Researchers from Barcelona have found a way to more quickly and cheaply manufacture flexible thin crystalline silicon wafers.
Thin crystalline silicon wafers measuring around 10µm are costly to produce but also in increasing demand in microelectronics, due to the trend towards 3D circuit integration.
As the demand for ever thinner crystalline silicon wafers grow, techniques have been developed to yield wafers at these dimensions from monocrystalline cylindrical ingots.
Manufacturers used a multithreaded saw impregnated with abrasive material to cut layers from the ingots. However, these have a minimum thickness of around 150 µm.
Thinner wafers can be complicated to produce. Existing methods only allow such wafers to be obtained one at a time, and 50 percent of the silicon is lost in the process.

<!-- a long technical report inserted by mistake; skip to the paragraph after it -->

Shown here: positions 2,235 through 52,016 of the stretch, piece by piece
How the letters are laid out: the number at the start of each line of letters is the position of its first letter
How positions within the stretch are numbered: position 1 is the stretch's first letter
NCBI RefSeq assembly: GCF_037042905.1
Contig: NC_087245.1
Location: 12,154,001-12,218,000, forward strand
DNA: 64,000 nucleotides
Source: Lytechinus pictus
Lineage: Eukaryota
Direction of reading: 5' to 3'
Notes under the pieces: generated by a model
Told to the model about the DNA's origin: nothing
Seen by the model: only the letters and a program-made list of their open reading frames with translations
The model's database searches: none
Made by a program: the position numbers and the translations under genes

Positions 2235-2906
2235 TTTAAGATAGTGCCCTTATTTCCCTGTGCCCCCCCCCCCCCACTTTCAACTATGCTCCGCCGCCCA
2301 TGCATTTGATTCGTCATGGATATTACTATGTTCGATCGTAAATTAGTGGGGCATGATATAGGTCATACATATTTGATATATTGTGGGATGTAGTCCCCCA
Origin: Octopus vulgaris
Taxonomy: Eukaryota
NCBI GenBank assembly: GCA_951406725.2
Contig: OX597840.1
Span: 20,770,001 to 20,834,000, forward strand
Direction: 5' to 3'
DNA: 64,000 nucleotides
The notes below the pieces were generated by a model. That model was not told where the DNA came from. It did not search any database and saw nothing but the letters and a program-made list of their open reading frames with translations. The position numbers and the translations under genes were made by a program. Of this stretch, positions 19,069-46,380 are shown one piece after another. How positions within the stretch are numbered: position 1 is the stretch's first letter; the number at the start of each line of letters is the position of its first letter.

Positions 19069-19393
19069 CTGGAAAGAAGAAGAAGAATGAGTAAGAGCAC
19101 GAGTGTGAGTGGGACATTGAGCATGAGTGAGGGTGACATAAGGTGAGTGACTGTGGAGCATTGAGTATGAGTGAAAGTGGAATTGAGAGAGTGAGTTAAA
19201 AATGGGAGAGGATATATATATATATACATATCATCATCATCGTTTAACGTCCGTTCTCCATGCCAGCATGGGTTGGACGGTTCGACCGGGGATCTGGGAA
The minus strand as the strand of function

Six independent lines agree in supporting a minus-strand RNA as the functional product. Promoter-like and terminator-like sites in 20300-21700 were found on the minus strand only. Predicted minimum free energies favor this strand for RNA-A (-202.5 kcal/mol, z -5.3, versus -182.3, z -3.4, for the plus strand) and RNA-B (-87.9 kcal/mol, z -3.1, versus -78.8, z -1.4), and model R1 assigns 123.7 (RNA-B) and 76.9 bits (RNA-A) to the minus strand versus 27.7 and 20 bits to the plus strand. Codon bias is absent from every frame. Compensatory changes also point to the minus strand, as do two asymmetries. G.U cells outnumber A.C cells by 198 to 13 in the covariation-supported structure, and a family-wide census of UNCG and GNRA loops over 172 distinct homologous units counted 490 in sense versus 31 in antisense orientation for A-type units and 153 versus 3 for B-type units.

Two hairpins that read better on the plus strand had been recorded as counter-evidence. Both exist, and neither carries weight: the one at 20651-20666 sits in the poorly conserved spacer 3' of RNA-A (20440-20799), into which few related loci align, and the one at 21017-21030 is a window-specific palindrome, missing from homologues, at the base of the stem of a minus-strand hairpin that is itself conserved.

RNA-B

The research from the scientists at the Nanoengineering Research Centre (CRNE) and the Department of Electronic Engineering at the Universitat Politècnica de Catalunya • BarcelonaTech, allows a large number of crystalline layers, controlled for thickness, to be produced from a single crystalline silicon wafer in just a single step.
The scientists make small pores in the material and apply a high temperature during the manufacturing process.
By controlling the pore profiles, it is possible to obtain multiple separate crystalline silicon wafers. Pore diameters affect both the number of layers and their thickness.
The silicon layers are then separated by exfoliation. The resulting number of silicon layers is determined by the thickness of the layers themselves and the initial thickness of the wafer.
From a single 300mm thick wafer, the researchers succeeded in creating up to ten 5-7mm thin wafers.
Further scaling down of this method may allow relatively easy and fast creation of micron-scale thick silicon wafers by precision control of pore sizes.